In which Jill decides she really dislikes Theo Decker: Progress report on Donna Tartt’s The Goldfinch

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Since last posting, I’ve read about three hundred more pages of The Goldfinch. Thanksgiving preparations slowed me down quite a bit, despite having two long weekends in the past two weeks. The past couple of days I’ve had more free time and managed to make a decent amount of progress—close to two hundred pages. the downside of doing a marathon with a book like this, in which fourteen years pass from start to finish, is that today I looked up and realized that I, all of a sudden, sort of hate (okay, not hate, but definitely have some very ambivalent feelings towards) our protagonist Theo Decker. When I started reading this morning Theo was getting shaken down by his father for his inheritance from his mom in order to pay off some typical Vegas unsavories, and when I stopped this evening that same poor kid has become a pill-popping deviant who sells fake antique furniture to the nouveau riche of New York. It is to Donna Tartt’s credit as a novelist that she manages this transformation as quickly and as believably as she does. But it doesn’t mean I have to like it.

So shortly after Theo arrives in Vegas with his father Larry and his girlfriend Xandra, he takes up with Boris, a kid in his English class who has an even more sordid past than he does. And all of a sudden, our sweet Theo is drinking and smoking and taking Ecstasy and acid and shoplifting. Not surprisingly Larry and Xandra don’t take their roles as adults and positive role models very seriously, staying out till all hours and never seeming to notice if Theo goes to school. Boris is Russian, and he has moved all over with his dad who does something with mining. His mother is also dead, and his father pays more attention to him than Theo’s, but it’s not the good kind of attention, it’s the kind that involves broken ribs and black eyes. Two years go by in Vegas. Larry eventually falls off the wagon, likely because he owes some people sixty five thousand dollars, and dies in a car wreck. At this point, Theo gets on a bus back to New York, but not before ransacking Xandra’s stash of pills, stealing some cash, and re-appropriating the emerald and diamond earrings Larry stole from Theo’s mom before he took off three years before. He, of course, takes The Goldfinch with him too.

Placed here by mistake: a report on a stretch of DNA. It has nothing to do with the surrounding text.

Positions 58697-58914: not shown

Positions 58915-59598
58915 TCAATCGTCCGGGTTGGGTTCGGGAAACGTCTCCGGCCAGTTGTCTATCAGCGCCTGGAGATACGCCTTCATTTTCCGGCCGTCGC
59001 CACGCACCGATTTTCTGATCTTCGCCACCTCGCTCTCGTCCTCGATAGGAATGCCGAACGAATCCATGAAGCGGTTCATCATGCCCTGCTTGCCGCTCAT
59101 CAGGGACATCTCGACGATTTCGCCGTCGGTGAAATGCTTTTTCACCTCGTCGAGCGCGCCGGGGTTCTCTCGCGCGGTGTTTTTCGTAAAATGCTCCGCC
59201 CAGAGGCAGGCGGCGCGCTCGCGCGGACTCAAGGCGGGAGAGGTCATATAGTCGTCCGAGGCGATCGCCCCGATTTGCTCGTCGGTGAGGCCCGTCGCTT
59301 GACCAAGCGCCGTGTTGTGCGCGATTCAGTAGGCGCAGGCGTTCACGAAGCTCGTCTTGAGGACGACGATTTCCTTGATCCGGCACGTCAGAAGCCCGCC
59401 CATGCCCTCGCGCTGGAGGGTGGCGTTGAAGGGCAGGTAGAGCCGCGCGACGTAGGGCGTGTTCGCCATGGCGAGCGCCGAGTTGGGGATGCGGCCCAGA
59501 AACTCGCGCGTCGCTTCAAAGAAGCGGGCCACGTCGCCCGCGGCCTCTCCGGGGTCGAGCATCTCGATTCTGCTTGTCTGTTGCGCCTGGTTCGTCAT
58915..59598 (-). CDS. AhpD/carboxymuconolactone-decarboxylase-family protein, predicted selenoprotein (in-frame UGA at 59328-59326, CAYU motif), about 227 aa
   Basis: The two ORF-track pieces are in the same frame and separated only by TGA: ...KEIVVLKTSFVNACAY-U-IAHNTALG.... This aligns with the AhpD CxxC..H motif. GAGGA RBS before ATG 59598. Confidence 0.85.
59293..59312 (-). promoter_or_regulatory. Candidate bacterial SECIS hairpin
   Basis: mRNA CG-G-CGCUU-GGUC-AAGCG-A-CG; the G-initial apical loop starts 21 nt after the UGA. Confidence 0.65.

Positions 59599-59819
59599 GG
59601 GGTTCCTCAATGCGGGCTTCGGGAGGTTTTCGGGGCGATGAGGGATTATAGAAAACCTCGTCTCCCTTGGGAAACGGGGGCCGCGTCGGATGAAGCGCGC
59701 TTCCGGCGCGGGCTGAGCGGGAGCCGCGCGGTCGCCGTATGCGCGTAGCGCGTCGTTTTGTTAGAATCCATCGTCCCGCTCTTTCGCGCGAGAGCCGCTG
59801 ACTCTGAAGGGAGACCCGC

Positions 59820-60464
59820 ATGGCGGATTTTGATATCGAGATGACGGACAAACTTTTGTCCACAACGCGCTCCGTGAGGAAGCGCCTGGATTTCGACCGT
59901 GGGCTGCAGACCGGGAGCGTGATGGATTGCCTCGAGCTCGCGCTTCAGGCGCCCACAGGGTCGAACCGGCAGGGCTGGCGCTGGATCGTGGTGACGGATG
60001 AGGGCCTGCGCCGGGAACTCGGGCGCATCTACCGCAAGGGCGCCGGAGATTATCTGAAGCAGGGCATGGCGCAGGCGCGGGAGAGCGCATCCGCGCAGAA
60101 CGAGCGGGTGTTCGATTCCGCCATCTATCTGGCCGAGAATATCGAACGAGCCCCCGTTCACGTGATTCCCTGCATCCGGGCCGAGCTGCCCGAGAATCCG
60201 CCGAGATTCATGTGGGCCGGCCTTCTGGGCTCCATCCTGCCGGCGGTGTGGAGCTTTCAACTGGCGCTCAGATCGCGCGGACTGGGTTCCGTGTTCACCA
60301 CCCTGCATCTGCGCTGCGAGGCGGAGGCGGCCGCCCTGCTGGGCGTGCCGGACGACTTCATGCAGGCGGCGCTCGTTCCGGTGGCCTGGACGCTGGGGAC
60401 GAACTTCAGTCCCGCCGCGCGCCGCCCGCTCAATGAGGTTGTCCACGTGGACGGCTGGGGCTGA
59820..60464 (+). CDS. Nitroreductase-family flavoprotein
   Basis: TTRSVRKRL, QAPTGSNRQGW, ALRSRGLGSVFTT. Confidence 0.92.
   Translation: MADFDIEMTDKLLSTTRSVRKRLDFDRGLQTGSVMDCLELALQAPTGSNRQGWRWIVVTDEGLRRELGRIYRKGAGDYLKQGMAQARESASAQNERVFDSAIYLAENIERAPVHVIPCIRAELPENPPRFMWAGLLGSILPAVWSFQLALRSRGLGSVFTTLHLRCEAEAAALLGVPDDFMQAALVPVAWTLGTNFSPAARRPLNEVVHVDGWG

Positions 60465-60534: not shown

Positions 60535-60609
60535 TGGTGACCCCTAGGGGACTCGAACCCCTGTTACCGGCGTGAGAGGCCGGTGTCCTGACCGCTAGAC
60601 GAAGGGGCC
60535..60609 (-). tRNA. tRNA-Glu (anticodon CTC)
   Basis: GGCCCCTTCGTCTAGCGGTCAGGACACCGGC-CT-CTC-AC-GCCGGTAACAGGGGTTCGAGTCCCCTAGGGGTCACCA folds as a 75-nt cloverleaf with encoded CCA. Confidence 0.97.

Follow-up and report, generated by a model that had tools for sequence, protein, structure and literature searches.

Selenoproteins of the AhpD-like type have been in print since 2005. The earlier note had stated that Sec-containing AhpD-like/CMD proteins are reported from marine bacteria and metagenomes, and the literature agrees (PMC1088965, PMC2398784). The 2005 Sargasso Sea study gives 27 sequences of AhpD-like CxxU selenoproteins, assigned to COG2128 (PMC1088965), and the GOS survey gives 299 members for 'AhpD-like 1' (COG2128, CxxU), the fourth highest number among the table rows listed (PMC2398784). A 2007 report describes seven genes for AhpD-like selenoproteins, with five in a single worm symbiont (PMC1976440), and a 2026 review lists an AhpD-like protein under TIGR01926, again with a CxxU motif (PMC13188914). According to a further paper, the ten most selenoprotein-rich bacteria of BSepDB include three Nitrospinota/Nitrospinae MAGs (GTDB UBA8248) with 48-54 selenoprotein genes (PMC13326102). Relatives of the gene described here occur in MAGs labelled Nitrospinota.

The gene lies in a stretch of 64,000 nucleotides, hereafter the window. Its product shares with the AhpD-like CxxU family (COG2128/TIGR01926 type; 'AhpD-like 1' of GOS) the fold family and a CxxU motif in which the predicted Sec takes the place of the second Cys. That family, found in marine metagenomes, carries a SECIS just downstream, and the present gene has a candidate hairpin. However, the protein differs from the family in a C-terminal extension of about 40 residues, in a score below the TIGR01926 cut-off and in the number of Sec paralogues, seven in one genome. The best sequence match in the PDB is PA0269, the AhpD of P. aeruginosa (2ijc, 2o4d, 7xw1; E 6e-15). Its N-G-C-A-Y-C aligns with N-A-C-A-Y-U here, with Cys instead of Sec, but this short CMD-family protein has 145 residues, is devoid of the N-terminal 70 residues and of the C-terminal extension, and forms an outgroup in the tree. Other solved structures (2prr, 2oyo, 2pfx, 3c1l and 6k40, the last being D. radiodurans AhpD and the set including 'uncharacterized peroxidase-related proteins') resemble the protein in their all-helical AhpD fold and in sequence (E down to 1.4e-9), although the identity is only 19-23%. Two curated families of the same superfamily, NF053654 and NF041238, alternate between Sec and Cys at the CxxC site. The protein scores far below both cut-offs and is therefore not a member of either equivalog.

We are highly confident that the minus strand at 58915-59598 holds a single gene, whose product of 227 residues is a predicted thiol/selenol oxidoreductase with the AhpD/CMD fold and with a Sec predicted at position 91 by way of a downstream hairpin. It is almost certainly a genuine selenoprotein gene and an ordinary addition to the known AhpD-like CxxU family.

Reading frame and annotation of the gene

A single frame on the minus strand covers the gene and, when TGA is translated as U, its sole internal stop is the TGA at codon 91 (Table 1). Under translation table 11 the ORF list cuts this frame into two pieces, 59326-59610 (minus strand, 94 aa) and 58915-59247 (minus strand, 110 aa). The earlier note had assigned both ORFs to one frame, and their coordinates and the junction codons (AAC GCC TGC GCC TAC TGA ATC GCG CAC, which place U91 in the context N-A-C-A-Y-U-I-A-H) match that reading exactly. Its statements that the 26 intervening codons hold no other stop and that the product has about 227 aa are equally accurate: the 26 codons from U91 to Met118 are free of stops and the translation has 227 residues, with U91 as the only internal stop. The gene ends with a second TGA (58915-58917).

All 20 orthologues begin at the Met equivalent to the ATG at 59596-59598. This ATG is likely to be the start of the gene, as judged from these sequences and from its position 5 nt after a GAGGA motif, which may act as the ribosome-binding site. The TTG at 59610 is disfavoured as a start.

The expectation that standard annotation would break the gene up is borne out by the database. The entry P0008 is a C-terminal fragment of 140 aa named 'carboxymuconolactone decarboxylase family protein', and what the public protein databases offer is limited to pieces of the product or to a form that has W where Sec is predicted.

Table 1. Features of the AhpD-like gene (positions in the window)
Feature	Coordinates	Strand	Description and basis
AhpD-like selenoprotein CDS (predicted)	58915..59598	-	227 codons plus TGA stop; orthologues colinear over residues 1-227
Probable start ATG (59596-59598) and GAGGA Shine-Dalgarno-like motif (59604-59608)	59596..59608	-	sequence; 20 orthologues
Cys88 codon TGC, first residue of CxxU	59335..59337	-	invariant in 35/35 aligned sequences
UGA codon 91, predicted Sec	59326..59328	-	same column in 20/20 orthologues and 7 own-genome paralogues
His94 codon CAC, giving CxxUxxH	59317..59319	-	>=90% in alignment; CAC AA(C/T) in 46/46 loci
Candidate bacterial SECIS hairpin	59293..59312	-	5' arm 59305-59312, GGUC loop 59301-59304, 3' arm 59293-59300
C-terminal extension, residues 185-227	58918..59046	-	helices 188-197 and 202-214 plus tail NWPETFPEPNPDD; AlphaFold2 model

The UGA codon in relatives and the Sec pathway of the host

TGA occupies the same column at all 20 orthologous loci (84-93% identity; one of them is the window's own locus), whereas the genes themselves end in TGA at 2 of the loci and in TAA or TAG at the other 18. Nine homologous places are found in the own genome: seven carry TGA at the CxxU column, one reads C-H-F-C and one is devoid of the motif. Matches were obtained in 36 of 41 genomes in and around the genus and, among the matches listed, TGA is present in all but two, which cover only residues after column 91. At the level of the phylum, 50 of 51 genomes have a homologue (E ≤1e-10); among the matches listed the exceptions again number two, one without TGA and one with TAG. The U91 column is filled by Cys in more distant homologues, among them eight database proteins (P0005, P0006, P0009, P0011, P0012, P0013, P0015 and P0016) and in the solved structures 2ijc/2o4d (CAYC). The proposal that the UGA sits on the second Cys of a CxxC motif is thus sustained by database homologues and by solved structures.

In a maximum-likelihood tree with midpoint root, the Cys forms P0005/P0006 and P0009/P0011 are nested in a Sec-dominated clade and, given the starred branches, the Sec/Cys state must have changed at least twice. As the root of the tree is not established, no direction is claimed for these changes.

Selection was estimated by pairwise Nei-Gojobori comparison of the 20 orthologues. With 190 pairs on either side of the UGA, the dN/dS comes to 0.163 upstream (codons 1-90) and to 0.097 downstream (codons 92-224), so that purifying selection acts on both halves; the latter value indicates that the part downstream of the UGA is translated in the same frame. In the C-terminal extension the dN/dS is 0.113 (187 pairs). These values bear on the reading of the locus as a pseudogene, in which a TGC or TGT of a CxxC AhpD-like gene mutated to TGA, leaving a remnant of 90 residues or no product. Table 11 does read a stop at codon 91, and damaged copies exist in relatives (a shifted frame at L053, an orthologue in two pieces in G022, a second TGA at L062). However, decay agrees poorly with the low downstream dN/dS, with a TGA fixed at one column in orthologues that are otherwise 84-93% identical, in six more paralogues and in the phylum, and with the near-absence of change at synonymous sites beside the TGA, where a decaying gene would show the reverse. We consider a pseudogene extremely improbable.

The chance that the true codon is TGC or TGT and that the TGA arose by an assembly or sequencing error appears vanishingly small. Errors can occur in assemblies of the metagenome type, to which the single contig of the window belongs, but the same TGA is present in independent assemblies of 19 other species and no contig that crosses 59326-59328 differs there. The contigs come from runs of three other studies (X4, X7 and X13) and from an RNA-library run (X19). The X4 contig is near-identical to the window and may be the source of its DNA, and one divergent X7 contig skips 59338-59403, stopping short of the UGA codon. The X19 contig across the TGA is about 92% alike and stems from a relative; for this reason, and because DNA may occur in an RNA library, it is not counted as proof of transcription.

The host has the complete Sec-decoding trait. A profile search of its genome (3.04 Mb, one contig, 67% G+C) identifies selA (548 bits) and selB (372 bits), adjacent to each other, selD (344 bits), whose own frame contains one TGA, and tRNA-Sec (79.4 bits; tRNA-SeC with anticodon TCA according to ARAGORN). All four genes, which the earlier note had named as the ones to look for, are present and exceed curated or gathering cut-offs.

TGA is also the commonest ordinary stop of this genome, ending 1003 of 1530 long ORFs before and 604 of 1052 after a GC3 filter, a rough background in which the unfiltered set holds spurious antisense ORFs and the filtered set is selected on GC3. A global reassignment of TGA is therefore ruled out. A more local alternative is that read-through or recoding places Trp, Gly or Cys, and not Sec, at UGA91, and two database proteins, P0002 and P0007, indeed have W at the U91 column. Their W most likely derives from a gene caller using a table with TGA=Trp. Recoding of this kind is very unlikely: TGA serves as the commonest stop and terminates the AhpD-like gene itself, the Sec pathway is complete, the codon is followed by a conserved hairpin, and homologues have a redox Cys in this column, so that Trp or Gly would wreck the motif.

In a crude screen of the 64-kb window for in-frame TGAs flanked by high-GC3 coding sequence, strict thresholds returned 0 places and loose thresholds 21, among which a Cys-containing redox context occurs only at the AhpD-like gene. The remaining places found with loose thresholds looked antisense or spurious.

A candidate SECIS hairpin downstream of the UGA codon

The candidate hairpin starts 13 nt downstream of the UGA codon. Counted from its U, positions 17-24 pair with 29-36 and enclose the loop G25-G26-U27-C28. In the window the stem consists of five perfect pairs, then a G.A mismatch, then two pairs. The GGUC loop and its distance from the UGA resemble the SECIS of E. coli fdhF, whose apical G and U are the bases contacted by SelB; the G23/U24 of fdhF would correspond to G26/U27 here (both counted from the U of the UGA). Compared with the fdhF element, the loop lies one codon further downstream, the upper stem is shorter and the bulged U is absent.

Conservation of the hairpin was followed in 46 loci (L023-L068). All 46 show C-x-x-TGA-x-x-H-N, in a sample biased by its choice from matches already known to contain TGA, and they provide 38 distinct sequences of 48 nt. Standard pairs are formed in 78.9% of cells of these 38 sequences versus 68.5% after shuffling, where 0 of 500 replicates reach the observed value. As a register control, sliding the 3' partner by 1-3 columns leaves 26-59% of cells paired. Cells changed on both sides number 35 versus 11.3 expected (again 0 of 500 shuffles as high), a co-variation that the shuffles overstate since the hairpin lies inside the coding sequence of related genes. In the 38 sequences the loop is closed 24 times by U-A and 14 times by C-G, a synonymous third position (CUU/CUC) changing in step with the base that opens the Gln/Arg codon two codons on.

When he lands back in New York, he goes to Hobie. He tries to go to the Barbours’ apartment but he runs into Mr. Barbour in Central Park and he acts very coldly towards him (more on this later). Pippa is visiting Hobie for Thanksgiving and Theo’s crush on her is renewed with a vengeance. She’s going to boarding school in Switzerland and isn’t around for long. During this time we are introduced to Theo’s mom’s lawyer, Mr. Bracegirdle, who is the keeper of Theo’s educational trust. It’s eventually decided that Theo will stay with Hobie, which makes both of them happy. Theo is accepted into some sort of early college program at NYU, but we find out it still takes him till he’s about twenty-two to finish college. He takes the painting to an art storage facility in Brooklyn and parks it there. Tartt skips us ahead from Theo hiding the painting to eight years later. At this point he’s twenty-three (I think—at one point there’s mention of him being twenty-six but that math doesn’t quite work out, so I’ve been thinking of him as twenty-three). He runs into Platt Barbour on the street, Andy’s older brother, and learns that Andy and Andy’s dad died in a sailing accident some five months before. Somehow in the past eight years he has had zero contact with this family who almost adopted him. Pippa is living in London and has a boyfriend who is very much not Theo, a fact which torments him daily. He’s addicted to pills, so many different types of opiates that I didn’t even recognize the name of one of them. And he’s been passing off Hobie’s hybrid restorations as authentic antiques, which has made the shop quite a bit of money, but now someone is onto him, or so Theo thinks. Turns out this Lucius Reeve character thinks that Theo has stolen The Goldfinch and that he and Hobie are “renting it out” to various rich people. That’s where I am right now. I’m not sure where this guy came up with this theory about the portrait-renting scheme as of yet, but I hope that I find out soon.